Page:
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2674. Bidirectional iterator requirement on path::iterator is very expensive

Section: [fs.path.itr] Status: C++17 Submitter: Jonathan Wakely Opened: 2015-09-15 Last modified: 2017-07-30

Priority: 2

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Discussion: [fs.path.itr] requires path::iterator to be a BidirectionalIterator, which also implies the ForwardIterator requirement in [forward.iterators] p6 for the following assertion to pass:

path p("/");
auto it1 = p.begin();
auto it2 = p.begin();
assert( &*it1 == &*it2 );

This prevents iterators containing a path, or constructing one on the fly when dereferenced, the object they point to must exist outside the iterators and potentially outlive them. The only practical way to meet the requirement is for p to hold a container of child path objects so the iterators can refer to those children. This makes a path object much larger than would naïvely be expected.

The Boost and MSVC implementations of Filesystem fail to meet this requirement. The GCC implementation meets it, but it makes sizeof(path) == 64 (for 64-bit) or sizeof(path) == 40 for 32-bit, and makes many path operations more expensive.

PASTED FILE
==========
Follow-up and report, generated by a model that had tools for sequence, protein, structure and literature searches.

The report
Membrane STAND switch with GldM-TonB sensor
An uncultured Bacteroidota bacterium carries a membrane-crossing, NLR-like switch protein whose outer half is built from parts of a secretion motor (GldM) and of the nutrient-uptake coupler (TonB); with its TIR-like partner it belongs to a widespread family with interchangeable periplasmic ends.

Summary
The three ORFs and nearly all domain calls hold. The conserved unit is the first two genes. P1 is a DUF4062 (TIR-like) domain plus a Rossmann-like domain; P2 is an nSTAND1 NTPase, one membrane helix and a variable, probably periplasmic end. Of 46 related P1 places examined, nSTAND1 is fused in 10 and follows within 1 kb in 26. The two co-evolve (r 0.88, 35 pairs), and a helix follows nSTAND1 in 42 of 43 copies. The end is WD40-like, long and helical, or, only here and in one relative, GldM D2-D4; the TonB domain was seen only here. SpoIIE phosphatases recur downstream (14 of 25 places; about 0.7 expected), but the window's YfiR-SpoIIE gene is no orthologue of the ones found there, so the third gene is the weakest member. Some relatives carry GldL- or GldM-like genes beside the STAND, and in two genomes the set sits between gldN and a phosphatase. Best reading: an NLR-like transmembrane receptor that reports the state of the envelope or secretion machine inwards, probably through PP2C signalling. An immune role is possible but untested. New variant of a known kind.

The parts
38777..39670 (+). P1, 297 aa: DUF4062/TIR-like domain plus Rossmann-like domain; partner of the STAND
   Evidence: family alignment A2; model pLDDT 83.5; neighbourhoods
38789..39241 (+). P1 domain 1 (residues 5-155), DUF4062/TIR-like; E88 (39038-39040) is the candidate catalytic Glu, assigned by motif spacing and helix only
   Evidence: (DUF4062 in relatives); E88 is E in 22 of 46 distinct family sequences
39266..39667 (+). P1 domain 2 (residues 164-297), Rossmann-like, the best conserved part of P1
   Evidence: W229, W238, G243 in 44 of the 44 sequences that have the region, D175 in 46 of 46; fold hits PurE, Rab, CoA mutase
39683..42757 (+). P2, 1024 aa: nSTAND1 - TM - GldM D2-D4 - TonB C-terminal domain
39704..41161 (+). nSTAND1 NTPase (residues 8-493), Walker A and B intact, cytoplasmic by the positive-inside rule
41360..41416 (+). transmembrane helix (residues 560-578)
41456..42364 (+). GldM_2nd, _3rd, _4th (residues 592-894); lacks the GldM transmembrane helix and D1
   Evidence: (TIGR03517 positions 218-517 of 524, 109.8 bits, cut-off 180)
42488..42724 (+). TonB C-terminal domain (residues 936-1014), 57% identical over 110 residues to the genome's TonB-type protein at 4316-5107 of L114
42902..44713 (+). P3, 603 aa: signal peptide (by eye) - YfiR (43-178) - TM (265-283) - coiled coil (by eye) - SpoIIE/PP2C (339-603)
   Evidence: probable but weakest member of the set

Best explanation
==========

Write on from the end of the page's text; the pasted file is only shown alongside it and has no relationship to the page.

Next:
[21 Nov 2015 Beman comments:]

The ForwardIterator requirement in [forward.iterators] "If a and b are both dereferenceable, then a == b if and only if *a and *b are bound to the same object." will be removed by N4560, Working Draft, C++ Extensions for Ranges. I see no point in requiring something for the File System TS that is expensive, has never to my knowledge been requested by users, and is going to go away soon anyhow. The wording I propose below removes the requirement.

[Apr 2016 Issue updated to address the C++ Working Paper. Previously addressed File System TS]

Proposed resolution:

This wording is relative to N4582.

  1. Change [fs.path.itr] paragraph 2:

    A path::iterator is a constant iterator satisfying all the requirements of a bidirectional iterator (C++14 §24.1.4 Bidirectional iterators) except that there is no requirement that two equal iterators be bound to the same object. Its value_type is path.